House swapping is the new staycation. Here’s how to make it work for you

Written by Rebecca Goodman

Made famous in the film The Holiday, house swapping is a relaxed way to have a self-catering trip that could potentially save you thousands. We explore how you can take advantage of the home exchange movement. 

Covid has completely upturned the travel industry. All the upheaval has brought about a boom in staycations with a 500% annual rise in people searching for the word in 2020, according to Statista. 

Instead of booking a hotel or self-catered accommodation –which is now 40% more expensive than in 2019, according to consumer group Which? – many people are trying house swapping.

Of all the trips booked this year via the website Love Home Swap, 61% were in England, Scotland and Wales, compared to 26% in 2019.  Célia Pronto, managing director for Love Home Swap, told Stylist: “Home swapping gives you the comfort of staying in a home-away-from-home and allows you to explore the world through the power of sharing.

“It is a cost-effective way for people to travel, and with something for everyone, we are confident it will be more popular than ever in the years to come.”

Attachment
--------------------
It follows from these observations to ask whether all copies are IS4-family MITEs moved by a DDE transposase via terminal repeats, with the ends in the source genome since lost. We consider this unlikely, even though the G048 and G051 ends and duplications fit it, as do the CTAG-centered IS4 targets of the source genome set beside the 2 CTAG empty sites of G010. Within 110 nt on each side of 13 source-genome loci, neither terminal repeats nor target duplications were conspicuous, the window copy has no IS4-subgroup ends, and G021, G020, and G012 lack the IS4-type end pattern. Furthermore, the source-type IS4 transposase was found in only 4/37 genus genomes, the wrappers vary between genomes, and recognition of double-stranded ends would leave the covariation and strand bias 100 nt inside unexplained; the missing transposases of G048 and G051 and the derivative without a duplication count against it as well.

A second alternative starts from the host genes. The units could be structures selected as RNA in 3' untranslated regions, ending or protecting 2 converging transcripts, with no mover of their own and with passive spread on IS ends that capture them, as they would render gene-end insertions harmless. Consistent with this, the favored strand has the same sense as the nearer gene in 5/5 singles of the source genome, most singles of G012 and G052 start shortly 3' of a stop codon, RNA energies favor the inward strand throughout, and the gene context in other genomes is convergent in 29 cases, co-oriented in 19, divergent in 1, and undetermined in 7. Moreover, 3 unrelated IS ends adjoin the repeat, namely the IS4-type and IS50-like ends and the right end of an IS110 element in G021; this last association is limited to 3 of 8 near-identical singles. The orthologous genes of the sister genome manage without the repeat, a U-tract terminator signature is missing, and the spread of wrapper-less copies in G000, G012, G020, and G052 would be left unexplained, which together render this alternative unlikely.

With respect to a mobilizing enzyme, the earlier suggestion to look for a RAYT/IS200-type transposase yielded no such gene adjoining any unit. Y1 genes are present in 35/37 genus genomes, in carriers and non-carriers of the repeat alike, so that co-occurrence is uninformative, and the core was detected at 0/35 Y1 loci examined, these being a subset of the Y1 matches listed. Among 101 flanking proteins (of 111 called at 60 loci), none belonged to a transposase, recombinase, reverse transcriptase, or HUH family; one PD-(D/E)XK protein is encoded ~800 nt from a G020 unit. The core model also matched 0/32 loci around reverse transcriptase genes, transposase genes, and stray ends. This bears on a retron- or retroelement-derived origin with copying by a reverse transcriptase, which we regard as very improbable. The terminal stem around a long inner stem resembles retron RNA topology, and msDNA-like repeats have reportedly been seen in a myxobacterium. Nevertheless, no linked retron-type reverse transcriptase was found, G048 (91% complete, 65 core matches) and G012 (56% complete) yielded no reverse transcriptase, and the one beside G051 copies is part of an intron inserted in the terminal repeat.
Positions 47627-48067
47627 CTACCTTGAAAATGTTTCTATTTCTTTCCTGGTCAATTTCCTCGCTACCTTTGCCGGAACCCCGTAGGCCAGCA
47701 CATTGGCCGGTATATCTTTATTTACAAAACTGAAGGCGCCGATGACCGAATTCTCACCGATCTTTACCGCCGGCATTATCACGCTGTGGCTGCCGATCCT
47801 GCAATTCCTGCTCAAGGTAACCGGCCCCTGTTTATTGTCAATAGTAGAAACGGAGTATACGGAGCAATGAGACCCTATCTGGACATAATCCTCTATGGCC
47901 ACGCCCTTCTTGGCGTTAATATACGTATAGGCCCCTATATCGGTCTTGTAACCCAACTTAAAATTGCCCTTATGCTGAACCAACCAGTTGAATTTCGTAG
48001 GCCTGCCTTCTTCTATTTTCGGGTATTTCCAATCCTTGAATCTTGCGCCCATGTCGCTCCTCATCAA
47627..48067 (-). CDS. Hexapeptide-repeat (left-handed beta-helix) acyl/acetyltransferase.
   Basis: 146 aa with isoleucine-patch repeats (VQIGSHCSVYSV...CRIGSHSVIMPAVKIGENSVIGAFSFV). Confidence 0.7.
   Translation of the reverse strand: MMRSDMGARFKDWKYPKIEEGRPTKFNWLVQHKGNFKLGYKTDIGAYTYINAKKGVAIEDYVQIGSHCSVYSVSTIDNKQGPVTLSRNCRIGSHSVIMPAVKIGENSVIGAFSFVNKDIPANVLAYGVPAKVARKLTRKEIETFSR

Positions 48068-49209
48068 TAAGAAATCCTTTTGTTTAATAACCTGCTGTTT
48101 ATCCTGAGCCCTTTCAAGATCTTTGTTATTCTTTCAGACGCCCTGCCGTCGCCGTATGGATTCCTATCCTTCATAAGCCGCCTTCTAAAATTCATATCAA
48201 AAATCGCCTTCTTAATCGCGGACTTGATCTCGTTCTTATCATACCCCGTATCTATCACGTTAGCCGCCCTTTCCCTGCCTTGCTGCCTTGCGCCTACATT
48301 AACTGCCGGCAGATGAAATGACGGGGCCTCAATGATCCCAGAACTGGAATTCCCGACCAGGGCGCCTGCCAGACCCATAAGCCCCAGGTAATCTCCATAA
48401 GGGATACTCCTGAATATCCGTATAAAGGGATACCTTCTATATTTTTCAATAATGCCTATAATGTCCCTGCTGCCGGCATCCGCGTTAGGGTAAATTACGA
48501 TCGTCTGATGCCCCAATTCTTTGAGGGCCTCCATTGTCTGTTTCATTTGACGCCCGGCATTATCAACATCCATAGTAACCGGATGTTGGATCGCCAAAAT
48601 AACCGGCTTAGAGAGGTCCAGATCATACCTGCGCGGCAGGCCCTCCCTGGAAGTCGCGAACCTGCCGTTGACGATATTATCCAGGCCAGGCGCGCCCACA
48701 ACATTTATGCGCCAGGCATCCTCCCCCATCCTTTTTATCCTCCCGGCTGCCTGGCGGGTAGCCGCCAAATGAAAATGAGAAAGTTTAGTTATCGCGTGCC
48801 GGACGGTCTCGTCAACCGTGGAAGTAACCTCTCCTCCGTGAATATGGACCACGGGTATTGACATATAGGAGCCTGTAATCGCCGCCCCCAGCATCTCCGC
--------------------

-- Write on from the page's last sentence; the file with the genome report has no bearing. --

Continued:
The benefits of a house swap 

Made famous in the film The Holiday, house swapping offers a relaxed way to have a self-catering trip and the only thing you’ll pay is a fee to sign up to a house swap company.

Chisara Nwabara, 34, from London, has house swapped five times and says she’s saved thousands in accommodation costs by switching up her Finsbury Park flat for homes in places like Cornwall and Budapest.

“I love the affordability, it’s nowhere near as expensive for what you get in terms of value and experience and it feels more like staying with a friend or neighbour where everything is already set up for you,” she says. 

Chisara Nwabara says she’s saved thousands on holidays by house swapping.

There are several different websites that will arrange the house swap for you, and all you pay is a membership fee, which is usually around £80 a year.

Laura Williams, 37, from Oxfordshire, says she’s saved around £4,000 in the past year through two house swaps – one in London and one in San Sebastian in Spain. She has six children, which means she needs self-catering accommodation with enough space for her family of eight.

“Going to San Sebastian was amazing,” she says. “We’d looked at going there before, but found it was too expensive. [The only options were] apartments and we really need outdoor space. To be offered a whole house in the centre of the city with a garden was so perfect.”